FEDRALISM IS GOOD
By Shyamon Jayasinghe,
It is reported that President CBK has said that federalism is the
answer to the national question. She had gone further and said that
eighty per cent of the people would support federalism. Maybe she
knows the feel of the people. The fact is that the latter are now
attuned to accepting a kind of power sharing of a federal nature-
a situation that didnt prevail when CBKs father tried
to bring in a modified federalism. The LTTEs has played a historical
role in the evolution of our islands politics by getting the
country to a situation where the people would be federal- friendly.
Whatever may be President CBKs flaws, one thing about her is
that she has always looked upon the national question with a broadness
and progressiveness that a responsible leader should evince. She and
her illustrious mother had never been racial. It had been rare to
seen the two pander to ethnic xenophobia, meaning the fear/hate/aversion/toward
different ethnic groups or religious groups. Before these two, Dudley
and Premadasa had been similarly tempered; not JR, who by his strategic
silence encouraged the infamous1983 riots.
Federalism is about power sharing. It is very clearly not a division
of the country ( rata bedeema). Nor can it necessarily
lead to a break up of the country anymore than a unitary state could.
If we were to give federalism to the Tamil speaking communities
of the North & East (I am deliberately avoiding LTTE
here) it would mean that Sri Lanka would have two sovereign powers
one at the new state/states level and the other at the National level.
This is unlike the current Regional Council system where Regions have
no sovereignty. Federalism entails a written constitution that lays
down the division of powers at the two levels of sovereign government
and a Supreme Court that would enforce the formal division of powers.
National- level powers covering the entire island would include the
critical ones of defence (i.e. army, navy, and air force) and foreign
affairs just as the present unitary government currently enjoys.
This arrangement has to be distinguished from that of a confederation,
which is a collection of totally sovereign states. Short of confederation,
federalism is more satisfying to those seeking regional autonomy for
the simple reason that under the former the state does, under normal
circumstances, enjoy sovereign power for its entire internal management
with little intervention from the centre. In the quality of interference
from the centre, however, there can be varying degrees of difference.
The constitution of India, for example, allows the centre to take
over the state government although under extreme and objective circumstances.
On the other hand, the constitution of Canada is more rigid as far
as this is concerned.
Therefore, there is no one type of federalism. The model we select
will have to suit our circumstances and would have to be negotiated.
On a practical consideration, the less financial clout and independence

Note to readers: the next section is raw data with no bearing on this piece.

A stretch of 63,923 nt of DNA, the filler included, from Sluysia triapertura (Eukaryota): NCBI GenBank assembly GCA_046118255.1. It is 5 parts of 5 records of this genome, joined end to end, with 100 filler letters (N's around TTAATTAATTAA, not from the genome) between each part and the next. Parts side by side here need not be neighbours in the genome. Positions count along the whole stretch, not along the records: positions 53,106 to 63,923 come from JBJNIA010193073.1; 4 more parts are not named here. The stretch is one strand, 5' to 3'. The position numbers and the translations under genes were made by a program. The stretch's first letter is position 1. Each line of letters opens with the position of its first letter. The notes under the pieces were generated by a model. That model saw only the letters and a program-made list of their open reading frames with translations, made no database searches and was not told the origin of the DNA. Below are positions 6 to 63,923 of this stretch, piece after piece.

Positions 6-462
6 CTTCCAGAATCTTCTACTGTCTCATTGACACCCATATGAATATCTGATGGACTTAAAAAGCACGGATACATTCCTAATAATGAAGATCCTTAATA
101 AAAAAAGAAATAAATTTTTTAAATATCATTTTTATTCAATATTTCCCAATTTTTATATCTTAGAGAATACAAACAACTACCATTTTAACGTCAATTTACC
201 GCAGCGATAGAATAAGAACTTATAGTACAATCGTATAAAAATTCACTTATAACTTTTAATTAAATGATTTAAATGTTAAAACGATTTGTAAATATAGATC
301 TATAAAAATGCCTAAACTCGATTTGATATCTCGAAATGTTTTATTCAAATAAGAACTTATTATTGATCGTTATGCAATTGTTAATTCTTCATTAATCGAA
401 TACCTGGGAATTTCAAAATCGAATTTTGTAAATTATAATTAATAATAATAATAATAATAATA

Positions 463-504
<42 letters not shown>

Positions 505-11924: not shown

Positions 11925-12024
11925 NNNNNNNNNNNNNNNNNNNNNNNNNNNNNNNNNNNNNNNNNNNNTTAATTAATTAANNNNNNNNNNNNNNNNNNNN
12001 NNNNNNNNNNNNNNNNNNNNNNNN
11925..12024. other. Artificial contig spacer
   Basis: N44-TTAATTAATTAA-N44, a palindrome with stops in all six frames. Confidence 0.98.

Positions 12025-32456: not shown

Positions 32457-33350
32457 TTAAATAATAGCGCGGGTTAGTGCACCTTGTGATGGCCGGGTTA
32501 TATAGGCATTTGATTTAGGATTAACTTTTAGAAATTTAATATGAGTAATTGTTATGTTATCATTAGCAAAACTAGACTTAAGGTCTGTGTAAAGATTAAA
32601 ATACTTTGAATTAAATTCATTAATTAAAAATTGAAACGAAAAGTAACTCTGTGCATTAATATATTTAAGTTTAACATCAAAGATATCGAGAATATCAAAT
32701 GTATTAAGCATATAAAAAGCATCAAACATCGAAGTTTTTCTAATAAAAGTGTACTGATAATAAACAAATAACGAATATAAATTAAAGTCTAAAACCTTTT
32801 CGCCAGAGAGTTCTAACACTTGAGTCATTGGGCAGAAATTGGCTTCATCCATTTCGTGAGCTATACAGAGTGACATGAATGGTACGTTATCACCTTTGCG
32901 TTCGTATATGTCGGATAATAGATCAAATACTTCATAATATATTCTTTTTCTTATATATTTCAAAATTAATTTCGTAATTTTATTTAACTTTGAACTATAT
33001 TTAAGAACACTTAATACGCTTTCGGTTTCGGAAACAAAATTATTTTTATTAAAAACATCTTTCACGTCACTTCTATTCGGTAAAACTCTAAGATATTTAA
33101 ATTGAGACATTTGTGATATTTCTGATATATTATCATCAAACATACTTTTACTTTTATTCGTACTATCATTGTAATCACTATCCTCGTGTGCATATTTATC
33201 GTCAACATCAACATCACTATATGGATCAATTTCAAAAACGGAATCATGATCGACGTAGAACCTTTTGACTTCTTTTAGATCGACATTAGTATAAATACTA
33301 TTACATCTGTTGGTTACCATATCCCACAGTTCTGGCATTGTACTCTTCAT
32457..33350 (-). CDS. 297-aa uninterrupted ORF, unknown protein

that a state has, the more would be the interference because dependence
on the centre would entail the laying of conditions by the latter.
A rigid type of federalism is unthinkable in Sri Lanka because of
the relative poverty of resources in the North & East. On the
other hand, in todays changing global economy a state can enrich
itself in the financial, transhipment and other international services
sector very profitably reducing its dependence on the land.
I referred to the concept of being federal-friendly.
This reflects the willingness of the people to share power with the
Tamil-speaking population who have been living for ages in the North
and East. It is pointless trying to engage in an exploration of ancient
history in order to determine questions such as who occupied those
areas first- the Sinhalese or Tamils. Such are theoretical issues.
We have to accept the present and go forward from the present. We
have lost the economic value equivalent to about 150 years by going
into a destructive war. Sri Lanka has tremendous potential to move
forward into prosperity for its people if it sets aside divisive issues.
The islands Buddhist heritage provides an ideal potential mental
environment for tolerance and living in peaceful coexistence with
our Tamil brethren. Our leaders should exploit inbuilt values such
as these in dealing with this question. There is a concealed xenophobia
or predisposition in people to be averse or fearful of those they
regard as different. Leaders are the culprits who have
been historically exploiting this. In Nazi Germany Hitler enabled
the xenophobia to erupt. In Sri Lanka, there are leaders on both sides
of the divide who engage in inciting such xenophobic eruptions between
ethnic and religious groups etc; Leaders do this for their power-seeking
ends. This happened in 1983 to our detriment. There should be a national
consensus among our leaders and the media not to exploit mass foibles
of this nature and to move firmly toward inclusive policies and practices
derived from the acceptance of equality of all people. An appropriate
education must be imparted in schools. This is the only long-term
path for keeping Sri Lankas integrity and preventing a break
In the drawing of a federal constitution, firstly a strict time frame
for the operation of the ISGA should be layed down. After the deadline,
there should be free and fair elections to the state body of the North
& East so that genuine representatives of the Tamil people would
be at the helm. Secondly, safeguards must be enshrined in order to
protect the new minorities of the new state, namely the Sinhalese
and Muslims. Thirdly, the current Regional Councils should continue
to remain as subordinate bodies. In Australia, we have the federated
states and the Territories. The latter have fewer powers
than the states. A similar arrangement for the present Regional bodies
other than the North & East can be considered